5. The exquisite woodwork: Traditional craftsmen and availability of wood made old traditional homes not just sturdy but also a work of art. The woodwork across the pillars, the jannals (windows), the doors and even the roofs, could be carved out intricately to tell stories of mythological characters or emphasize local beliefs, motifs and structures. Jalli work in the wooden roof structures allowing the play of light around the courtyard or the massive doors with their painstakingly done carvings are all reminiscent of the glory days of traditional Indian architecture.

traditional doorsTraditional wooden hand carved door ( Photo credit : sam.aminus3.com)
woodwork in roofIntricate wood work in the roof of Puthe Maliga Palace in Trivandrum ( Photo credit :  https://www.flickr.com/photos/timtom/3475636297/ )

I sincerely hope that these ancient village homes are preserved in their traditional settings. Even if urban dwellers had the inclination and the funds to build such homes in the city today, the lack of yesteryear workmanship and lack of availability of certain type of products makes it very tough to retain this kind of architecture in our current homes. It however is some consolation to know that certain crafts like the Athanagudi tile making is still alive and available for anyone that wants to have unique and beautiful flooring in their house, against which vitrified tiles are no match. And certain traditional carpenters still available in pockets of Kerala and other regions who create exquisite wooden furniture and doors to custom orders. So that we may use some of this in our homes to retain a little of the yesteryear glory, because a certain beauty and grace only comes with age.

Add more than colour to your walls!

One of the early requirements of doing up your house is wall treatment. There are hundreds of options available in the market today to transform your walls into a piece of art by itself. There is more than just colour that you can add to your home now. The materials you can try range from simple paint to decorative wall tiles. So let us quickly take a look at some of the options available :

Paint : Gone are the days when paint only meant a range of colours, today it comprises of varying textures, styles and patterns. More exciting than the product range, is the websites and visualisation tools that these paint manufactures offer today’s customers!

While the builder will most probably paint your house with 2 coats, you can have a say in the colour/texture, as long as you are willing to buy them the material. Else you can do it through an external source, paint manufactures such as Asian Paints, Nerolac and Dulex to name a few have extensive expertise to help transform your home. These brands have products ranging in colour, texture and style for both interiors and exteriors.

Asian Paints_Image1Stunning  accent wall with stencil art (Photo credit : AsianPaints)

The paints usually have matte, gloss and metallic finishes that you can choose from. There are solid colour options when you only want colour and no texture, or you can choose from a range of textures such as crinkle effect, weave effect, dab effect and many more, with different brands offering different effects. While matt finishing gives that subtle elegance and helps hide wall imperfections and unevenness, gloss and metallic textures can bring grandeur and glamour to your walls. Then there are stencil styles, this brings together the best of paint along with patterns such as motifs and shapes available previously only on wallpapers.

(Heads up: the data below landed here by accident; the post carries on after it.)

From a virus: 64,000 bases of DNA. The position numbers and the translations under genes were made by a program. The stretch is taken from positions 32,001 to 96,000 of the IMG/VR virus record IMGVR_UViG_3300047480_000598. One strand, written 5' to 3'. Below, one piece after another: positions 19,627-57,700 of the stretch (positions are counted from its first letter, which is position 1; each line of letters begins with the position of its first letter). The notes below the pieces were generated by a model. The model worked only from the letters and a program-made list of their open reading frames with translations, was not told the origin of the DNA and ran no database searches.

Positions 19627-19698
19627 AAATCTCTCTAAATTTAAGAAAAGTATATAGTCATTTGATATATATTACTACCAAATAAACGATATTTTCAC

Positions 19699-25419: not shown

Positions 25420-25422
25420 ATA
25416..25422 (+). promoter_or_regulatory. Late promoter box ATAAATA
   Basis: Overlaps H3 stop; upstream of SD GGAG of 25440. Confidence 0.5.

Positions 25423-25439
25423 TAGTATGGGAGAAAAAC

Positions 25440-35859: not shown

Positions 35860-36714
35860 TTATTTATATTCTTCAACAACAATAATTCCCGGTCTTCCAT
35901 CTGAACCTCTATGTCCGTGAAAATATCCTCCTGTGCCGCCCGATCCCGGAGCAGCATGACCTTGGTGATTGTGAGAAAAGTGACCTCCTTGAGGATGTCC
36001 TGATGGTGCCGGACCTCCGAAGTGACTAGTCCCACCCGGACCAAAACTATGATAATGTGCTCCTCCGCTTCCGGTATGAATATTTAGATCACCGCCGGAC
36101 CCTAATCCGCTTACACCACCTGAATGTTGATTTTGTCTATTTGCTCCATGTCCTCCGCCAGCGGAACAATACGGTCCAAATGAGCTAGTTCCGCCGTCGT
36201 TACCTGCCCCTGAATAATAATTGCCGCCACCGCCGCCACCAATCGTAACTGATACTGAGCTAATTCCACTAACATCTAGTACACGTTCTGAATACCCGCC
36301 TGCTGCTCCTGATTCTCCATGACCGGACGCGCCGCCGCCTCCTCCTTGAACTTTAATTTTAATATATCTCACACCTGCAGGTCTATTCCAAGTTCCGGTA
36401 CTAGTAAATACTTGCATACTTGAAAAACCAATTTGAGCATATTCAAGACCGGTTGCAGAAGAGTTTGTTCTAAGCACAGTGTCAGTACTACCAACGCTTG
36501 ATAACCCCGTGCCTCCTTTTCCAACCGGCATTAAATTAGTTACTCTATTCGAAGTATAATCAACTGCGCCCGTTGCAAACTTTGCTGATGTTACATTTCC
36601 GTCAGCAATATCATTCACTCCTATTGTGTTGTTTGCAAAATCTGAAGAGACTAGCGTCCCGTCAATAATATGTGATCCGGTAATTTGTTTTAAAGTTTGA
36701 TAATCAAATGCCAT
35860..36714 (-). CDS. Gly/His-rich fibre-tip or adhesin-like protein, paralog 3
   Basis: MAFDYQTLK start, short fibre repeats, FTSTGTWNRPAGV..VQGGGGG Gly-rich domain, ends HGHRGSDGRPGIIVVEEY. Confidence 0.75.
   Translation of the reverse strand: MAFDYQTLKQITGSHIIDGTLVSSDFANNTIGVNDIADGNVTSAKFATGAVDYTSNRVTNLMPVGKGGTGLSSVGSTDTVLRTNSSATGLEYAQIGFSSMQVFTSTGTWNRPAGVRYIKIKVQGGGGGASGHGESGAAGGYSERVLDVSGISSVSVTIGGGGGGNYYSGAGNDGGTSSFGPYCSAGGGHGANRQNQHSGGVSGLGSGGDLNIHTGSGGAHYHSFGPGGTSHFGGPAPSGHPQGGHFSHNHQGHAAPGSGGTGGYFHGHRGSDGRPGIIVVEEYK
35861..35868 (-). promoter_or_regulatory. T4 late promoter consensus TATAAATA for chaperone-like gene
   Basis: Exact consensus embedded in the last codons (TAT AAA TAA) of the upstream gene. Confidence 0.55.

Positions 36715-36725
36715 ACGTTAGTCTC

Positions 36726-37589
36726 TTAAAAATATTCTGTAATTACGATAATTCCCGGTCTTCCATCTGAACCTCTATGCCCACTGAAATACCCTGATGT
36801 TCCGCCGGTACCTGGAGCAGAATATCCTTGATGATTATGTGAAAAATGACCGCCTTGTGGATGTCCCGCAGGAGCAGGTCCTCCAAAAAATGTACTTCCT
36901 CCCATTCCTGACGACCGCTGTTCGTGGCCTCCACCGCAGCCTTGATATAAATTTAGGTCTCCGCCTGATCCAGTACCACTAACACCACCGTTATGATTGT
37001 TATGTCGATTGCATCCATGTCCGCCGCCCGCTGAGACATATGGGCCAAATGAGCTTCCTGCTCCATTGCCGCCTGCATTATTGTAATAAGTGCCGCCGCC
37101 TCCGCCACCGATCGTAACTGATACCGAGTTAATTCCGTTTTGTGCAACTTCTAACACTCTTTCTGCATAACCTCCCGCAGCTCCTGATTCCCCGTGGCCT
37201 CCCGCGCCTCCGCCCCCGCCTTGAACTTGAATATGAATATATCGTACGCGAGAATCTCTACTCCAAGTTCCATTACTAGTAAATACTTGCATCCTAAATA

The paint technology also plays a vital role in today’s consumer choice, there is high regard for paints low on VOC and environment friendly. There are paints available to fit every budget range, from water based emulsions to acrylic and synthetic resin mediums. These paints offer important features such as anti-fungal/anti-bacterial properties to help protect your walls and environment, stain resistant coating and washability. Some of these brands even offer warranty periods ranging from 1year to 5years against fungal formations, flaking and staining.

Asian Paints_Image2Vibrant yellow textured wall (Photo Credit : AsianPaints)

In my opinion however, the most exciting improvement is the websites of some of these brands. They have made it very consumer friendly, not just giving you information about their various products but also have tools to help you visualise colours in your house. They allow you to upload images of your room and try different paint options, textures, colours and styles. They also have a range of inspirational wall/room decor pictures to browse through. The adventurous can even try their hand at creating their own color shade. Even though they have consultants that can come home and help you with your choice, the website tools provide a number of  options to help you make personalised choices from the comfort of your home. And if you are worried about budget, there are cost calculators to help you with that too, just decide on the product you would like to use along with the area of the room you wish to paint and you can calculate the approximate costing. With all these features painting your walls can bring life to your interiors without killing your pocket!